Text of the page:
Waiver Recipients Take Advantage of ‘Second Chance’ in Army
By John J. Kruzel
American Forces Press Service
WASHINGTON, May 8, 2008 Army recruits who joined the ranks on conduct waivers are slightly more prone to misconduct, but also are promoted faster, re-enlist in higher numbers and represent higher-quality recruits than recruits who enlisted without needing a conduct waiver, an internal Army study revealed.
The analysis, conducted late last year, compared the re-enlistment rates, performance and effects on recruiting standards of soldiers who didn’t need a conduct waiver to enlist to those whose prior malfeasance was waived.
“For the most part, the individuals that we’re bringing in [on waivers] are not the folks that are dabbling in crime,” said Army Maj. Jake LaPorte, who works in the strength forecasting division of the Army’s personnel, policy and guidance office. “I think they’re the ones who have had a mistake, and we’re giving them a second chance.”
The Army runs potential recruits convicted of a felony or of both serious and minor offenses through a 10-person review. Before a waiver is granted, a general officer must approve the enlistment.
The study sample was made up of first-time recruits from fiscal 2003 to 2006, allowing time for re-enlistment figures to emerge. Findings that reflect positively on waiver recipients include:
-- The conduct-waiver population from fiscal 2003 re-enlisted at a higher rate -- 28.4 percent percent -- compared to a rate of 26.7 percent for soldiers who didn’t need conduct waivers;
-- The infantry conduct-waiver population was promoted to sergeant faster, at 34.7 months of service vs. 39;
-- The conduct-waiver population had a higher ratio of valorous awards, 13.87 percent vs. 12.73 percent; and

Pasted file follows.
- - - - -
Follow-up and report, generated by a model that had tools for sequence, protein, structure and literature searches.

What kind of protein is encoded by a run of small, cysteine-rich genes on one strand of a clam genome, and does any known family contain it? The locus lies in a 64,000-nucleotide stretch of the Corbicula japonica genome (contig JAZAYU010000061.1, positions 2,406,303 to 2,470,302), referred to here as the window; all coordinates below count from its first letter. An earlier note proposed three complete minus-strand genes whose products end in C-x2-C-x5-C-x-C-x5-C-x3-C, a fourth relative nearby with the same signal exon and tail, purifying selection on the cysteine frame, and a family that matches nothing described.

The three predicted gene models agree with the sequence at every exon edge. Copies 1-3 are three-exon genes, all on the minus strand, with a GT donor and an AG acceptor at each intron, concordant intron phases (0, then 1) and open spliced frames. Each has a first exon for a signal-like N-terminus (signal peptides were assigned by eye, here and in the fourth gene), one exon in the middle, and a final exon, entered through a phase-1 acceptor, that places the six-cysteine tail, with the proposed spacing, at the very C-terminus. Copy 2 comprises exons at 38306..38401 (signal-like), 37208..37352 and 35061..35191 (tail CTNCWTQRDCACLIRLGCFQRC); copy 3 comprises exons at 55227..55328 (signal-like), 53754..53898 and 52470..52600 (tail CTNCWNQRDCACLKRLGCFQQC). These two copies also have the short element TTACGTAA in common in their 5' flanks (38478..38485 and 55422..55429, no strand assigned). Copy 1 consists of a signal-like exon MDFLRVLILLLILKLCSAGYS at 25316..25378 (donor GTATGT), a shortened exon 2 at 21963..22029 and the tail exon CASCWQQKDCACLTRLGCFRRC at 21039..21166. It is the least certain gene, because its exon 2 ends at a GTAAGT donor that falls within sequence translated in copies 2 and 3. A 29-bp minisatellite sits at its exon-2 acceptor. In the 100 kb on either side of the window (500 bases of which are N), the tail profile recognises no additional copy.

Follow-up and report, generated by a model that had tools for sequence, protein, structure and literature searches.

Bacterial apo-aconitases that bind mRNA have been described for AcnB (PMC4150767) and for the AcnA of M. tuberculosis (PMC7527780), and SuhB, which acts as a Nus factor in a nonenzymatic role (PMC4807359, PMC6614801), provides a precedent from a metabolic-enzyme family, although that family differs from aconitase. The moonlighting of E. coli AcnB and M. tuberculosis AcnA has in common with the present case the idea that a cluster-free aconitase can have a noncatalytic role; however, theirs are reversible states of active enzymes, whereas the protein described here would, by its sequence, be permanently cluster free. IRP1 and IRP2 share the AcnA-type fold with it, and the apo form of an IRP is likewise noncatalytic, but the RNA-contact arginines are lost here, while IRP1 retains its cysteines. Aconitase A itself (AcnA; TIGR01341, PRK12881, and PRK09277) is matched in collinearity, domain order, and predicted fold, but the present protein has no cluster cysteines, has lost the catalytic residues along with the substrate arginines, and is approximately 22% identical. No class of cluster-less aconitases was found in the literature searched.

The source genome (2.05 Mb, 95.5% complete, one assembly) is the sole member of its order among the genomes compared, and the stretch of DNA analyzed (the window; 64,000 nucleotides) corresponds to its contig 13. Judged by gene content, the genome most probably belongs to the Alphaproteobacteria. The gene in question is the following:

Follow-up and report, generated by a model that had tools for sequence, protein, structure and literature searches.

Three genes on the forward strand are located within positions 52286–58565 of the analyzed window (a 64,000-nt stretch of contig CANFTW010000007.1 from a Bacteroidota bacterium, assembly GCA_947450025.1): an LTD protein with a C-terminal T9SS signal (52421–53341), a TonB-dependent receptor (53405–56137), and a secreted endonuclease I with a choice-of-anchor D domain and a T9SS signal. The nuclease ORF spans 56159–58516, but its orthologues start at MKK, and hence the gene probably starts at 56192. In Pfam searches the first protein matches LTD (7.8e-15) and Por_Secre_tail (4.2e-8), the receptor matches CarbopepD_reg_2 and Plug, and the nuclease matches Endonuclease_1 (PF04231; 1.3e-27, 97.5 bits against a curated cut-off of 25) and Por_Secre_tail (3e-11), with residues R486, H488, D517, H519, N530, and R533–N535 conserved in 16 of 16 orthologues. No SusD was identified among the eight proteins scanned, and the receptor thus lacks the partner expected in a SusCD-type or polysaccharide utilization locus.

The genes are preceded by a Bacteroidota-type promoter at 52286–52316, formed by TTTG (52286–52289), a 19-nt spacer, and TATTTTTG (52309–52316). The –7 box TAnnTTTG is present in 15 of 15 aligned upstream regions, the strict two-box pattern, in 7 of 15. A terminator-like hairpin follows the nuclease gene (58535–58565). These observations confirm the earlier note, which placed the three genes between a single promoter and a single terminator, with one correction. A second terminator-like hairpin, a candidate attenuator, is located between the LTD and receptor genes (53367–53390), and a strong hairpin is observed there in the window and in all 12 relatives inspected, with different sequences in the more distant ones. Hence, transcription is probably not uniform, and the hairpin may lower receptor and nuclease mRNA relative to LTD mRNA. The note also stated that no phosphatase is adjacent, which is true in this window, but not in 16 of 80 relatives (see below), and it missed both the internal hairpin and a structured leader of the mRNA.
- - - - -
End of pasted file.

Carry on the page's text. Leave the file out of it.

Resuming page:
-- The conduct-waiver population represented higher-quality recruits, producing a higher percentage of high school graduates -- 86.58 percent vs. 84.2 percent -- and higher Armed Forces Qualification Test scores, 61.2 vs. 60.1.
However, the conduct-waiver population had higher losses in six of nine “adverse loss” categories:
-- Misconduct: 5.95 percent vs. 3.55 percent;
-- Pattern of misconduct: 1.78 percent vs. 1.35 percent;
-- Alcohol rehabilitation failure: 0.27 percent vs. 0.12 percent;
-- Desertion: 4.26 percent vs. 3.59 percent;
-- Military prisoner, bad conduct discharge or dishonorable discharge: 0.5 percent vs. 0.4 percent;
-- Discharge in lieu of courts-martial: 2.58 percent vs. 2.04 percent.
In 2007, the Army granted 511 felony waivers, an increase from the 249 it granted the previous year. Despite this spike, a senior officer said, the Army’s standards have not wavered.
“I would say they’re probably more stringent,” Lt. Col. Val Siegfried, the Army branch chief for enlisted accessions, said of today’s requirements for enlistment compared to those in recent decades.
He said that society judges petty theft and in-school fighting more harshly now than in the past. “If you get in a fight in school as a 14-year-old and kick somebody, it’s aggravated assault with a deadly weapon,” he said, adding that the Army takes a “whole person” look at each recruit, examining the context in which they committed their crime.
“Should that [person] not be brought into the Army and serve his country simply because he got in a fight in school?” he said. “Those are a lot of the kind of people that have been given a waiver for a felony offense in the juvenile life.”